I didn’t mean I would buy them from you. I mean that both i5s are capable in either configuration (dual/quad). The extra money for the i7 is of limited return if you look at the benchmarks.

Sorry, quoted the wrong reply. I thought I was responding to @Cashmonee about him running the benchmarks.
 

CRoebuck

macrumors member
May 16, 2014
44
28
i5 , i7.......If you're looking at non-Touch Bar then you're talking about a dual-core U series with a 15W TDP. Honestly, apart from a few 100 MHz clock, you're not going to see much difference. The lithographic process is the same for both. Intel uses performance binning. Both parts are effectively the same and then branded i5 or i7 during wafer level test.

Either i5 or i7 is going to outperform your 2012.

If you're looking Touch bar then same rules apply except the 2016/2017 are still dual core albeit running a higher TDP of 28W. 2018 is quite a different beast. A quad core running at 28W so perhaps 40% more performance (in some applications) compared to the 2017. This will scream compared to the 2012.
 

leman

macrumors G4
Oct 14, 2008
10,147
4,673
Higher tear CPUs offer you incremental performance upgrade for a premium. Are you willing to pay those $300 (or how much that is) for a 5% increase in performance (and that, only under very specific scenario)? And it's not like those 5% are going to make your machine last longer — if an i5 is too slow at some point, the i7 will be as well.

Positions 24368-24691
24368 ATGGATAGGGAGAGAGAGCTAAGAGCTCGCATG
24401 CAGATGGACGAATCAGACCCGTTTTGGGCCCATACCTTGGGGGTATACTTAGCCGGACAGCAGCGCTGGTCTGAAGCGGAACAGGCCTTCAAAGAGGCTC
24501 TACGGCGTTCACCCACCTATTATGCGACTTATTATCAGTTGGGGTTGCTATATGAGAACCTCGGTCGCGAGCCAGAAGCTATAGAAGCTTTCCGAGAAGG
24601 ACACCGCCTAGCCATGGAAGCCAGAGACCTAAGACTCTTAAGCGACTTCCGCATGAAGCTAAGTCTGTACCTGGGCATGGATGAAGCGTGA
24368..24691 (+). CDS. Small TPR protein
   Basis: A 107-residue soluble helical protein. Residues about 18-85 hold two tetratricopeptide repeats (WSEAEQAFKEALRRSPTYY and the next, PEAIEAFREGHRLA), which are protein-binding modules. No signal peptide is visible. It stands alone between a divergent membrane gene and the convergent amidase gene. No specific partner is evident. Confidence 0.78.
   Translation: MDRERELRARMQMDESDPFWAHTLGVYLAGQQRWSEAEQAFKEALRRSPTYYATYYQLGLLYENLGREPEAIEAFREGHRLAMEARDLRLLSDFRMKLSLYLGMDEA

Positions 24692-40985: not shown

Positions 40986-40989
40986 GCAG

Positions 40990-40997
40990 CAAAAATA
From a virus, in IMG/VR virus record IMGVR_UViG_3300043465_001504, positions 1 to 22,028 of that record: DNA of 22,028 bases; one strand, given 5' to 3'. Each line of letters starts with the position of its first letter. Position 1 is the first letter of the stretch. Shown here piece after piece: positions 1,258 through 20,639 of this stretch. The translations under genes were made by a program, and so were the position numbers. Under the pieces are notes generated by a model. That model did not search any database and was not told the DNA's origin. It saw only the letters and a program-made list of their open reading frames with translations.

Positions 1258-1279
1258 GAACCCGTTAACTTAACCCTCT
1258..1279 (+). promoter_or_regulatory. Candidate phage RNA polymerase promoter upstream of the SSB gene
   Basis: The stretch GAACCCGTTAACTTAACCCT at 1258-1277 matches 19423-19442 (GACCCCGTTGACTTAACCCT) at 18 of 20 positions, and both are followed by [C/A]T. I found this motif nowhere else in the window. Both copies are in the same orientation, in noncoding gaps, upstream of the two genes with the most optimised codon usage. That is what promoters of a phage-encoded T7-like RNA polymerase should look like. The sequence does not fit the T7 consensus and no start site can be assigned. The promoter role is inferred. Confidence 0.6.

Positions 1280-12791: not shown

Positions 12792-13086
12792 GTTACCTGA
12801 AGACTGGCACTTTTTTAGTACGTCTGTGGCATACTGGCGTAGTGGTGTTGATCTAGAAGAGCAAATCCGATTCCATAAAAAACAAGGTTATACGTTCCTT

There are definitely good reasons to get the faster CPU — if your work can benefit from it. For most normal users, CPU upgrade doesn't make much sense.
 
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Sterkenburg

macrumors 6502
Oct 27, 2016
388
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Another vote for the i5 quad-core, best bang for the buck in the MBP lineup right now (unless you have specific performance needs, and you'd likely know if that were the case).
 

kc2kth

macrumors member
Aug 27, 2009
51
32
I just replaced my 2011 MBP that had an i7 with an imac with an i5 and it's perfectly adequate for everything I do. It's certainly much faster than the older machine, not just because of the newer cpu but also memory, disk, bus, etc. I've been in IT for 25 years and can honestly say the argument for the high end processors is becoming less and less valid for every day use all the time. They serve a huge purpose for high end video and scientific work, or help out if you are running a few virtual machines, but otherwise today's mid range procs are really, really impressive.